Johnson vows S.B.J.S.A. will finally have hearing, but ‘it’s not a silver bullet’

Council Speaker Corey Johnson speaking at a City Hall press conference this week. Photo by William Alatriste / NYC Council

BY LINCOLN ANDERSON | In his first roundtable interview with NYC Community Media as the newly elected City Council speaker, Corey Johnson sat down in his office on Jan. 9 for a lively question-and-answer session with the editorial staffs of The Villager, Gay City News, Chelsea Now and Manhattan Express.

During the nearly one-hour interview, Johnson held forth on a range of pressing issues, from supporting small businesses and creating affordable housing, to congestion pricing and cyclist safety.

His new office is actually a bit smaller than one might imagine for the city’s No. 2 politician. It’s located to one side of the main rotunda, while the mayor’s office mirrors its position on the building’s other side. Johnson’s new digs were still sparsely furnished as of last week. He had hung one poster — an upthrust fist in the Gay Pride colors.

“Yes, that’s my fist,” remarked Johnson, 35, who is openly gay and the Council’s first H.I.V.-positive speaker.

Sitting off to the side on a table were some photos, including one of Johnson with former President Barack Obama.

A pair of large snow boots stood on the floor by a window. It was less than a week after the “snow bomb.”

The first question posed to Johnson was about the Small Business Jobs Survival Act. Does he support it? Will it get a hearing?

“As I said during the speaker’s race and at the first speaker’s forum, I am committed to a hearing on the Small Business Jobs Survival Act,” he said.

At the same time, he noted, he does not plan to run the City Council “with an iron fist,” and the members of the Council’s Small Business Committee will deliberate for themselves on the measure.

“The body is not going to run based on what Corey Johnson wants. The body is going to be run by consensus,” he said. “And it’s not just about who the committee chairpersons are, but who the members are, the composition of the committee.”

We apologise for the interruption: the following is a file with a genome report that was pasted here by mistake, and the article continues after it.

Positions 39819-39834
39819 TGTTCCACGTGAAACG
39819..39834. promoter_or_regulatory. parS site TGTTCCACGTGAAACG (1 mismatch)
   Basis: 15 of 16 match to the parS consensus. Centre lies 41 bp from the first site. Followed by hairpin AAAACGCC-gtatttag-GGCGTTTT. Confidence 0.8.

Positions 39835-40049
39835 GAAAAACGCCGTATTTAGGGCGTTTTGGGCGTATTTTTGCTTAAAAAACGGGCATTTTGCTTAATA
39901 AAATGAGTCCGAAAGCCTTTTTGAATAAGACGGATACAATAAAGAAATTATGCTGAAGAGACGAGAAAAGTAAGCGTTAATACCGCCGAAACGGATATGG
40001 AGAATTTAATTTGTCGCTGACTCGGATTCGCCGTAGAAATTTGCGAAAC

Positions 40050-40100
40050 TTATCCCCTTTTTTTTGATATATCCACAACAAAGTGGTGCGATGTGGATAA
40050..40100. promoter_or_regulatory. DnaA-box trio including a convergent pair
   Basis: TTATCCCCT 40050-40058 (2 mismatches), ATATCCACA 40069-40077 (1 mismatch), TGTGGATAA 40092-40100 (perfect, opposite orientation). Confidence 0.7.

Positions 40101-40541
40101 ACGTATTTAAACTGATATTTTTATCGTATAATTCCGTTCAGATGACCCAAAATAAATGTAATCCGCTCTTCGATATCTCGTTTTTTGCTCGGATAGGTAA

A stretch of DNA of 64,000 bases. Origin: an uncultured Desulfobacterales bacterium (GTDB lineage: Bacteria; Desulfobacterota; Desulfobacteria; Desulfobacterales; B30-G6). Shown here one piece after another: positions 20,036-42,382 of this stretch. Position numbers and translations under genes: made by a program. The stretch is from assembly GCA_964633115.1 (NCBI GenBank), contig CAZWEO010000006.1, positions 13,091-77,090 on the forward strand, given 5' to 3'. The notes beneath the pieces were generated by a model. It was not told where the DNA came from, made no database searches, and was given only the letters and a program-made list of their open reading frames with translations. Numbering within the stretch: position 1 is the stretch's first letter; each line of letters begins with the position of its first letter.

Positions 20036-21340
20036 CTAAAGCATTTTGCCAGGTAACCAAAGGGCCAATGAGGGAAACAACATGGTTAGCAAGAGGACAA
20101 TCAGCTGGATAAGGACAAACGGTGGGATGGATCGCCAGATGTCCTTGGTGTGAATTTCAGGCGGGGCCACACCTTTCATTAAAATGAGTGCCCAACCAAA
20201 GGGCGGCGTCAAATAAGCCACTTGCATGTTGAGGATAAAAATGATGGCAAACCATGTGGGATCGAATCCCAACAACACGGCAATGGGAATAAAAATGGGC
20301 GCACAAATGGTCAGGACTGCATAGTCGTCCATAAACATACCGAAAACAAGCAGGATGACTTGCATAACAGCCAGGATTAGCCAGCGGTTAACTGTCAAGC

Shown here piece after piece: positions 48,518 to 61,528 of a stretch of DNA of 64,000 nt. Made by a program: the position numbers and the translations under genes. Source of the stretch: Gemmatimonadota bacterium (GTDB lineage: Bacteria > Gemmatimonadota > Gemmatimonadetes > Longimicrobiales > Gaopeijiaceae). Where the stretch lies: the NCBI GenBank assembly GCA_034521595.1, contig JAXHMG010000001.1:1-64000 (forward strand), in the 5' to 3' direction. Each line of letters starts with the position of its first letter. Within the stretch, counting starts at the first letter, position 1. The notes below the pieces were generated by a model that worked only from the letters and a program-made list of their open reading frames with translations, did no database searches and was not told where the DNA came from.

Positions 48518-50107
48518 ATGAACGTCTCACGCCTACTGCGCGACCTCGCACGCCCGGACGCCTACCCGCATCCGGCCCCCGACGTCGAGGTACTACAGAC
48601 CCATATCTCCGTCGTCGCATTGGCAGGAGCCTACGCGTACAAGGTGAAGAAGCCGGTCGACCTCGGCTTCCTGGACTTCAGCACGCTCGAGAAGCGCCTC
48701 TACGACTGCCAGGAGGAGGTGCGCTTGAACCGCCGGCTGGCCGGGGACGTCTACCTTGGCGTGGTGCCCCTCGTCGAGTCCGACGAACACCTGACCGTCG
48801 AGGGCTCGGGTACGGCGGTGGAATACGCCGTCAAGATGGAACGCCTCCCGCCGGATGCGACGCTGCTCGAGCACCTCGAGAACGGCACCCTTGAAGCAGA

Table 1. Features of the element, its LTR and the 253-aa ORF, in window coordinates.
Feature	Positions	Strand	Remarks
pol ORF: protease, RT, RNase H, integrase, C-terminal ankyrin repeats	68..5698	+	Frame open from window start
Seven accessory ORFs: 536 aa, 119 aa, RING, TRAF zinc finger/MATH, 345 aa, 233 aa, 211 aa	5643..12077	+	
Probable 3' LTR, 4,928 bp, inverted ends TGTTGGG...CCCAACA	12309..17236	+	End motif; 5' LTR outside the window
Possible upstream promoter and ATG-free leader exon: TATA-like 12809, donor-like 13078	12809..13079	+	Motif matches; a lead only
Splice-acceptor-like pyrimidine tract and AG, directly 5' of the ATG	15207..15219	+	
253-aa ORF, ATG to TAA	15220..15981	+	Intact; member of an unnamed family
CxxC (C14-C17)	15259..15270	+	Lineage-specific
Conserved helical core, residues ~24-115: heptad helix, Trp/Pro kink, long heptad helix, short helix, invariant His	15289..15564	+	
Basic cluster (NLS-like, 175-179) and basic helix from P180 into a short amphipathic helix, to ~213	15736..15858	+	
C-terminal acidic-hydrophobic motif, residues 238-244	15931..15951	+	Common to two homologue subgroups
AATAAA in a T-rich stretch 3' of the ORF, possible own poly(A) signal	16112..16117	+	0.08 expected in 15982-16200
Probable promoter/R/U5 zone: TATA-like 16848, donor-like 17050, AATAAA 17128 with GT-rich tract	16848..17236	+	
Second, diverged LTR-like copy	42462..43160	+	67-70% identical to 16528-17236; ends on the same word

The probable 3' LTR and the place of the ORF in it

Johnson, as speaker, appoints the committee’s chairpersons, plus all their members.

All bills from the previous legislative session — including the S.B.J.S.A. — must now be reintroduced, and a primary sponsor assigned to each one.

“I was one of the sponsors [in the last session] and I was proud to sponsor the Small Business Jobs Survival Act,” Johnson noted.

At the same time, he said of the S.B.J.S.A., “I am supportive of a hearing. But I also think I am not sure that that bill is a silver bullet. The bill does a really important thing: It talks about mediation between landlords who are trying to drastically raise the rent — double, triple, quadruple, quintuple the rent — on small businesses. But I also want us to think in a holistic way about this. Are there things we can do to incentivize landlords — because not all landlords are bad — who want to actually keep a small business? Could we give a property tax abatement on the retail square footage of a building, where they would get a significant property-tax break, so long as they re-sign the lease for a certain amount of years at a low level?”

Asked if he was referring to a bill recently introduced by Councilmember Brad Lander that would do just that, Johnson said, “Exactly.”

However, that bill only encourages landlords with tax breaks — it does not require them to negotiate lease renewals, small business advocates not.